Accustom yourself continually to make many acts of love, for they enkindle and melt the soul. –St. Teresa
Born to a noble family on March 28, 1515, Teresa was on of nine children born to Alonzo Sanchez de Cepeda. When she was twelve years old, her mother died. An oft told story about her is that at the age of seven, desiring martyrdom, she ran off to find the Moors, who, she hoped, would cut off her head, thereby granting her wish. Later, she imitated the anchorites by building hermitages in her family’s garden.
“Great sins” awaited her: reading novels, flirting and frivolous chatter–the common practices of the young.
Not common, however, for Teresa. By age sixteen, she boarded at an Augustinian convent and remained there for eighteen months. Later, after a conversation with an uncle, she embraced her vocation to be a nun.
In 1534, Teresa took her vows at the Carmelite convent in Avila. She was allowed to receive guests there, and for twenty years, she tried to enjoy both the delights of prayer and the pleasures of secular conversation. But something was amiss: the gift of her whole self to God had not yet been realized. When it was given, her life consisted in prayer, apparitions of Christ, sufferings, and ecstasies.
The artifact is a rare reliquary containing two relics of St. Teresa of Avila including the shroud in which she was buried and her signature.
It measures 44 X 37 mm in a frame.
The reliquary almost certainly dates from the era of her canonization in 1622.
This is a valuable addition to the Papal Artifacts’ Collection.
In 1562, Teresa set out to reform the Carmelite order. This resulted in innumerable persecutions and sufferings. She established convents in Avila, Toledo and many other sites in Spain. Teresa and three ducats and God are sufficient to make a success of everything, she said, while attempting with meager means to open a convent in Toledo while having next to nothing.
Teresa was aided by St. John of the Cross and Father Jerome Gratian who helped her reform all branches of the Carmelite order.
St. Teresa is one of the most universally admired of women. Her intelligence and charm, her chivalrous spirit, her talent as a writer, and her experience with mystical connections to God have won her a privileged place in the hearts of many.
She died in ecstasy at the convent of Alba, her head supported by Mother Anne of St. Bartholomew, her eyes fixed on the crucifix, on the night of October 4-5, 1582.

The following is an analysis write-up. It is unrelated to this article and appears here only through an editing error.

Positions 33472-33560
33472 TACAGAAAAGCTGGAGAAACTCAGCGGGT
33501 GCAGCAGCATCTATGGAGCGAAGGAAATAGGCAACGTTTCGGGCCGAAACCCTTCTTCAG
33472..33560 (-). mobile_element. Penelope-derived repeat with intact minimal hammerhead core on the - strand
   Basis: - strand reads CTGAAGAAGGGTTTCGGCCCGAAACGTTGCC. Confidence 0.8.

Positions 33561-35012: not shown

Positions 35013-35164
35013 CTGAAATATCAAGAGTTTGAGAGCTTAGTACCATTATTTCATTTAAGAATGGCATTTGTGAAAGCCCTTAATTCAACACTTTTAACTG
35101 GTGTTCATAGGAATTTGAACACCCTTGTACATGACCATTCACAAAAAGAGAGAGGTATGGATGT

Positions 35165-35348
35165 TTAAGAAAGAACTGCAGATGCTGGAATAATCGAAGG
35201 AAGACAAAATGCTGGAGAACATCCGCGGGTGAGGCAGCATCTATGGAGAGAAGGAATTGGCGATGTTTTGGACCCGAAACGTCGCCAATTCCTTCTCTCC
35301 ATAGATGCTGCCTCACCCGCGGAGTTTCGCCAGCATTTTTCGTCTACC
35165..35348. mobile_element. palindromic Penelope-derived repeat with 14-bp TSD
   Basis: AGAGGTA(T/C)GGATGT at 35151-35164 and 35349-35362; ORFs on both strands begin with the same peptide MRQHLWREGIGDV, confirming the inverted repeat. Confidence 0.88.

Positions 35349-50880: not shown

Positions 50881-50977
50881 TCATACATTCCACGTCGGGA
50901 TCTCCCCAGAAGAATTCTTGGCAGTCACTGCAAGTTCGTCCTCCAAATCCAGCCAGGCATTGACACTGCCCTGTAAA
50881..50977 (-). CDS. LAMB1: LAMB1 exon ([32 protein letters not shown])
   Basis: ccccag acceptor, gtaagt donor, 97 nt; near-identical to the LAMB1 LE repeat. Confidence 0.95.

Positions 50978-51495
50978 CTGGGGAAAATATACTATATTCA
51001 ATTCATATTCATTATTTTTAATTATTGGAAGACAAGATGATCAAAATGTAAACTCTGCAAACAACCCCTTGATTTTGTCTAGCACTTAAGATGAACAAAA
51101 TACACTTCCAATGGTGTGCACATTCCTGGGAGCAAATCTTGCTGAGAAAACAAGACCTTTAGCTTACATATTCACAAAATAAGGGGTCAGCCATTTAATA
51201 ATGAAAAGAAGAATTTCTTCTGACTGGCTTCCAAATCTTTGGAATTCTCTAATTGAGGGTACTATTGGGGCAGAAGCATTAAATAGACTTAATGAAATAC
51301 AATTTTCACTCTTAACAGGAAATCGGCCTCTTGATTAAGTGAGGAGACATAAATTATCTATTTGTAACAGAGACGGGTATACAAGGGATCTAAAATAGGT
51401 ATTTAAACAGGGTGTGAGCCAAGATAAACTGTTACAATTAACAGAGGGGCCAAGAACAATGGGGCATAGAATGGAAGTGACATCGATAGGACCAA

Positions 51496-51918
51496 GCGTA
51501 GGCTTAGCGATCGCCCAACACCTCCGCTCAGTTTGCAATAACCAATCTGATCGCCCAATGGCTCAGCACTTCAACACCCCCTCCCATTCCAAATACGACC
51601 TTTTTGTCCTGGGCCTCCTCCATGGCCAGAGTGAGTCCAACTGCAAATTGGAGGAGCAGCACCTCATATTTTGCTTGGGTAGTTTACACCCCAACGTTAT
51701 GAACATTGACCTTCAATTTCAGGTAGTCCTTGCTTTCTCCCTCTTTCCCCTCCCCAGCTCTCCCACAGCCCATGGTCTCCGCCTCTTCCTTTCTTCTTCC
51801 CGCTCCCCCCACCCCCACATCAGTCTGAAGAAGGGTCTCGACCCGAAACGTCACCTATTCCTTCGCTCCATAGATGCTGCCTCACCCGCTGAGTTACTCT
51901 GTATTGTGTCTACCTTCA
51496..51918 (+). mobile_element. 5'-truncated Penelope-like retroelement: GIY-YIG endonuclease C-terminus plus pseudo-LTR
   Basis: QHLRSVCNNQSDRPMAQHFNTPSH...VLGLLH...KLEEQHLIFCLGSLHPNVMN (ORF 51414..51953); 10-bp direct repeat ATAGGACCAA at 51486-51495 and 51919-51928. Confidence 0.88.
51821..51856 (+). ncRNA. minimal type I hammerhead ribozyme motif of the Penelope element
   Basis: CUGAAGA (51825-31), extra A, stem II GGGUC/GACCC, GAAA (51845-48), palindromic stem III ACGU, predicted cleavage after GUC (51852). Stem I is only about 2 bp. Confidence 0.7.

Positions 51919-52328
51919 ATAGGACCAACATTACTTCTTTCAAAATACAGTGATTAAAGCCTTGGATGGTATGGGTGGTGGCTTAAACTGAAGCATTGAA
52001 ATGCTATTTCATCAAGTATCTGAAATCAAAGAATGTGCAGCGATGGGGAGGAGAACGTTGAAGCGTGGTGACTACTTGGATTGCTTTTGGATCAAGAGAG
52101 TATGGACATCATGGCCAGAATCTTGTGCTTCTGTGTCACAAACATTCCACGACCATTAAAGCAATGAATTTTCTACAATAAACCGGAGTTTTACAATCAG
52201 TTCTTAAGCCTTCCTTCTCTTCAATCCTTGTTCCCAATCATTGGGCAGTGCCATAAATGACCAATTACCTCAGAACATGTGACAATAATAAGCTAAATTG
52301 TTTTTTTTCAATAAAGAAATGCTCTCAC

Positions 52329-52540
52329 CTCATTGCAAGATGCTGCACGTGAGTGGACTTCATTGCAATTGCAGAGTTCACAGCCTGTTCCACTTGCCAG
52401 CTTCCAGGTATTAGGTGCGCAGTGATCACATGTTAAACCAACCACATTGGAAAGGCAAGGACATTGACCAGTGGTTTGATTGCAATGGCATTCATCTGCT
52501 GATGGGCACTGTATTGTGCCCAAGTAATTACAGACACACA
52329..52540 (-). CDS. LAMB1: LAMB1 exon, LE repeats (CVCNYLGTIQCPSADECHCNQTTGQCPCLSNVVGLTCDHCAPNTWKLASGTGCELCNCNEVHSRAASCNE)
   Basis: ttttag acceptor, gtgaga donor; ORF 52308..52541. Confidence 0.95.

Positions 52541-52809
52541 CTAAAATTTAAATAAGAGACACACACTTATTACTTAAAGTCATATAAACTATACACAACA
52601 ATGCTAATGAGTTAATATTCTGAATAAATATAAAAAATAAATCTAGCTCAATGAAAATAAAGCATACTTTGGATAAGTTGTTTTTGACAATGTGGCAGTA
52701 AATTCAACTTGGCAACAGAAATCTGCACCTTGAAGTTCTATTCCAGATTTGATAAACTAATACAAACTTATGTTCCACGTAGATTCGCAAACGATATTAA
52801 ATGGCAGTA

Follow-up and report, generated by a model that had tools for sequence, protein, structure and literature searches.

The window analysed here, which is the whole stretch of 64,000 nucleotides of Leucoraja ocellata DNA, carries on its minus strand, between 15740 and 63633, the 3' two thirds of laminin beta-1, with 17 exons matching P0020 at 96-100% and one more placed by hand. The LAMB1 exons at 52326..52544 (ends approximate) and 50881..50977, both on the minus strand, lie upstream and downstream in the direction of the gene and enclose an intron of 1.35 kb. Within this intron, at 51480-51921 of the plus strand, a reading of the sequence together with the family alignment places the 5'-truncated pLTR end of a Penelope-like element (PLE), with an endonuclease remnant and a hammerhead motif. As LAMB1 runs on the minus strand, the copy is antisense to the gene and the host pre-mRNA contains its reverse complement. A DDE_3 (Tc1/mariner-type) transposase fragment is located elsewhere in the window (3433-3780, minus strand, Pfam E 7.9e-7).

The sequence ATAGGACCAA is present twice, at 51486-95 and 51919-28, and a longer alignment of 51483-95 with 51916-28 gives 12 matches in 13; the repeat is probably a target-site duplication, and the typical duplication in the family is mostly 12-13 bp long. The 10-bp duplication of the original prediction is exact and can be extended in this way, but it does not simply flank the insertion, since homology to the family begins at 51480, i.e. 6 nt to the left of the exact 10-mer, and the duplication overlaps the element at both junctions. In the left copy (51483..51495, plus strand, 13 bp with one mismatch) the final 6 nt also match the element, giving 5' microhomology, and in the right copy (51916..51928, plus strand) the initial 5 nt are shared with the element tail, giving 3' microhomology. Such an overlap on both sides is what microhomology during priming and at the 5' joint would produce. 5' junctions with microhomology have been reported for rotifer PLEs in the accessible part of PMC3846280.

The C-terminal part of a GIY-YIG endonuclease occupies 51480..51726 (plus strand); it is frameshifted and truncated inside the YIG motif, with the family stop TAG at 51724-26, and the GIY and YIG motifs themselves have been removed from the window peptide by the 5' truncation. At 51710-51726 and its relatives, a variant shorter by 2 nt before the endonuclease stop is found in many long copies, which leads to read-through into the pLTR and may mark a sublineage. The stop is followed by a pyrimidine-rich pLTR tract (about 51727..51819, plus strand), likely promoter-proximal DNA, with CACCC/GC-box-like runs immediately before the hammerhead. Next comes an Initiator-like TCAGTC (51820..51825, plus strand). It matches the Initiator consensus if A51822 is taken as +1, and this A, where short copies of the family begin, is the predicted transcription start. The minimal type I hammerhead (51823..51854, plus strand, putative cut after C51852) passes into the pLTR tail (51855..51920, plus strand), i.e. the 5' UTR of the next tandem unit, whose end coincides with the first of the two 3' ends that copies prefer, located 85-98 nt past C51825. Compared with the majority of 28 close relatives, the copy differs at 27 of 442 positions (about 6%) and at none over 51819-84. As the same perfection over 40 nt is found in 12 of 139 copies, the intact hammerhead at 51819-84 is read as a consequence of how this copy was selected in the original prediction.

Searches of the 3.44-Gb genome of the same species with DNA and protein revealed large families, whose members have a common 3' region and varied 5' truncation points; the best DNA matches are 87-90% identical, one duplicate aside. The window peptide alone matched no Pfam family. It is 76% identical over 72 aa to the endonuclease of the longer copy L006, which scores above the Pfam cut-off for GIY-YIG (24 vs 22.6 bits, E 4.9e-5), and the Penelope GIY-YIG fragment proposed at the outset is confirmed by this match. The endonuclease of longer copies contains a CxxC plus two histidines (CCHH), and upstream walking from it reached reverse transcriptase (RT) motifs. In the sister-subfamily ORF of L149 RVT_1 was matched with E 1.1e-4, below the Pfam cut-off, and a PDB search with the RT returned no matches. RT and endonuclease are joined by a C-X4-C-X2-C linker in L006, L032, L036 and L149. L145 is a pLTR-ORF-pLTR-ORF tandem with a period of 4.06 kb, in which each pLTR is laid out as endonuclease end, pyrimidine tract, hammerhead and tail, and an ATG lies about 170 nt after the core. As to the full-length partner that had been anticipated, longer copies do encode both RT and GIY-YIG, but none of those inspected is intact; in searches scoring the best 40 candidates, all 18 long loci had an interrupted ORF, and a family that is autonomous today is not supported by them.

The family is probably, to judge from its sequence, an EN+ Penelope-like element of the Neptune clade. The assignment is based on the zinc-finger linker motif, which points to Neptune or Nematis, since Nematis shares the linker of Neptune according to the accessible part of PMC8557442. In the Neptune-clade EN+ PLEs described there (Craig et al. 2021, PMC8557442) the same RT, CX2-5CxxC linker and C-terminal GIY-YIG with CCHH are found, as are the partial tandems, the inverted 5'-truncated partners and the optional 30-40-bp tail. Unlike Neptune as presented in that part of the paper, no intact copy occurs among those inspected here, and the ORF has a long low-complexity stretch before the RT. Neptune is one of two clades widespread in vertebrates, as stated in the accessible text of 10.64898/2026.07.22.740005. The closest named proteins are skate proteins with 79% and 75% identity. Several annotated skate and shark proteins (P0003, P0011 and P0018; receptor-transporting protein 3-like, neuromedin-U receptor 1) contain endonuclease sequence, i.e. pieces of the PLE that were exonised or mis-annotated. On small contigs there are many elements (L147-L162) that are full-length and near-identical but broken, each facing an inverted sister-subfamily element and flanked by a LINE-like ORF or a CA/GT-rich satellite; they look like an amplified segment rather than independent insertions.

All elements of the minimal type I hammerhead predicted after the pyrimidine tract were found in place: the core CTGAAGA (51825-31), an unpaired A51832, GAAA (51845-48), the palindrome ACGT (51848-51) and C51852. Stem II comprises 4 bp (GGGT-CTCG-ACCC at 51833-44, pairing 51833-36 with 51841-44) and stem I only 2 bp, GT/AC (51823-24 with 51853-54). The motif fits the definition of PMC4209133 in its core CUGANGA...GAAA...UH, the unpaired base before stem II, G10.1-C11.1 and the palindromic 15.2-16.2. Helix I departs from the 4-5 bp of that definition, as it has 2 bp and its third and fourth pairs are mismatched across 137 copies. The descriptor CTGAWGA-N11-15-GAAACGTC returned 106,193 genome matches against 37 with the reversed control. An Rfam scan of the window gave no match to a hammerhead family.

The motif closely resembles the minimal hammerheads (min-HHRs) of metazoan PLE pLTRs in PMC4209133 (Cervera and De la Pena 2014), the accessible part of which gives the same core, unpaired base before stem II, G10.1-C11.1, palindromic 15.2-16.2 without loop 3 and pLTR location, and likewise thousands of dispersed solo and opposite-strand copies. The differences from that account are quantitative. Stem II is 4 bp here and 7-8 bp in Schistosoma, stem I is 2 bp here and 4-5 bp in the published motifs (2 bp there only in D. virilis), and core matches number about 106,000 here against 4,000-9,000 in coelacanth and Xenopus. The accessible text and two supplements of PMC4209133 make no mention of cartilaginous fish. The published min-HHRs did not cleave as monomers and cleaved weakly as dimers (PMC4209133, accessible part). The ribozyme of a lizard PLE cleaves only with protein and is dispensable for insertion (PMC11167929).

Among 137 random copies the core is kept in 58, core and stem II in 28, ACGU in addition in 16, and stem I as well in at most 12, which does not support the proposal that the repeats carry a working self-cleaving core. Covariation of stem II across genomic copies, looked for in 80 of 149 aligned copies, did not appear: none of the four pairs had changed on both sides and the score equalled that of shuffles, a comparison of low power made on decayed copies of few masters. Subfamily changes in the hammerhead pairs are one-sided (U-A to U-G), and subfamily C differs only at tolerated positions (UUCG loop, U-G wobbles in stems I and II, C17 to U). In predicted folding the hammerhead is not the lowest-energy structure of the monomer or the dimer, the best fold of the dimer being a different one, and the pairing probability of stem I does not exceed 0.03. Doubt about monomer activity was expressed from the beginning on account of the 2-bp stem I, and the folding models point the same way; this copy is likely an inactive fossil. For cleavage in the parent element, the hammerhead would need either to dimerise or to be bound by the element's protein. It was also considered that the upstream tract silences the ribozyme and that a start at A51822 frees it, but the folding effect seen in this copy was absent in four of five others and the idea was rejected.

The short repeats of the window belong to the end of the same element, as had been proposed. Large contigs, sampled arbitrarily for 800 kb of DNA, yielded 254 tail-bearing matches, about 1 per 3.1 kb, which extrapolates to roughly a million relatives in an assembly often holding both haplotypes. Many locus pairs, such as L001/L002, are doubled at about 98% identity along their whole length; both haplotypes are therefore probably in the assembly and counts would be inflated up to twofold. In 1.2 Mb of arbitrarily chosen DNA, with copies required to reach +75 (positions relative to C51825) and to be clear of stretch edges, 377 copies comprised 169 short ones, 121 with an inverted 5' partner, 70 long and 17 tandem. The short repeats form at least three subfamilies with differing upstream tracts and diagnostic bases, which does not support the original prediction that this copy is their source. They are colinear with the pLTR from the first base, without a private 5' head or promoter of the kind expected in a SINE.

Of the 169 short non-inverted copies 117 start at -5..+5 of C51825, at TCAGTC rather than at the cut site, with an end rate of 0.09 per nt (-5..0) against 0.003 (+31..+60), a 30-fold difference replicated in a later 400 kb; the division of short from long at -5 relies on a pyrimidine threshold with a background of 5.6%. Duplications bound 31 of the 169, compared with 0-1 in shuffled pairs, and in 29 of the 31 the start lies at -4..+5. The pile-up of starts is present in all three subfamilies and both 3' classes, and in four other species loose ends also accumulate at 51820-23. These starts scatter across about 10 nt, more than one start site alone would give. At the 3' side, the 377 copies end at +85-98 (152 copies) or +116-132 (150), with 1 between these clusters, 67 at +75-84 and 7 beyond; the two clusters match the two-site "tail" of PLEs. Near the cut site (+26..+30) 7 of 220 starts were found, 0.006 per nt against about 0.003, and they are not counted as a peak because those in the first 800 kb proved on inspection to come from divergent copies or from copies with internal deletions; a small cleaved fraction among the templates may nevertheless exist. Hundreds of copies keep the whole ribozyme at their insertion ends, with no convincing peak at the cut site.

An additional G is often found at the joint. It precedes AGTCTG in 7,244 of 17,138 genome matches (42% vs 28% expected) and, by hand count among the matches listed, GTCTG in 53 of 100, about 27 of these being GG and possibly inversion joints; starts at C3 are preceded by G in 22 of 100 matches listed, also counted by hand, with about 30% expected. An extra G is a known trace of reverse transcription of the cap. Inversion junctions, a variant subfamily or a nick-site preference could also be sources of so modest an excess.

In 1970, Teresa of Avila was made a Doctor of the Church, along with St. Catherine of Siena.
Yet it is as a mystic that she is best remembered.
Papal Artifacts has an item connected to Blessed Anne of St. Bartholomew, the secretary to St. Teresa; it is featured here on the Saints & Blesseds pages.
St. Teresa of Avila and Blessed Anne, pray for us!
Ávila, Spain is celebrating 50 years since its patron saint was named a Doctor of the Church.
It’s doing so with this in-person and on line conference.
To conclude it, Pope Francis has sent this nearly 13-minute long video message.
He urged the faithful to imitate the example of St. Teresa, who lived in a rapidly changing world much like today.
“There is a strong temptation to give in to disillusionment, to resignation, to the dismal and unfounded feeling that everything will go wrong. It’s a fruitless pessimism. The pessimism of people incapable of giving life.”
“Instead, prayer opens us up. It allows us to see God’s greatness, that He is on the other side of the horizon, that God is good, that He loves us, and that history has not slipped through his fingers.”
Pope Francis recalled that the “audacity, creativity, and St. Teresa’s excellence as a reformer” were the fruit of her friendship with the Lord.
Last December, the bishop of Ávila, along with a delegation from the city, traveled to Rome. They invited the Pope to visit Spain in 2022 for the 400th anniversary of St. Teresa’s canonization.
Pope Francis did not give them an answer, but from his message it is clear that he admires this historic saint.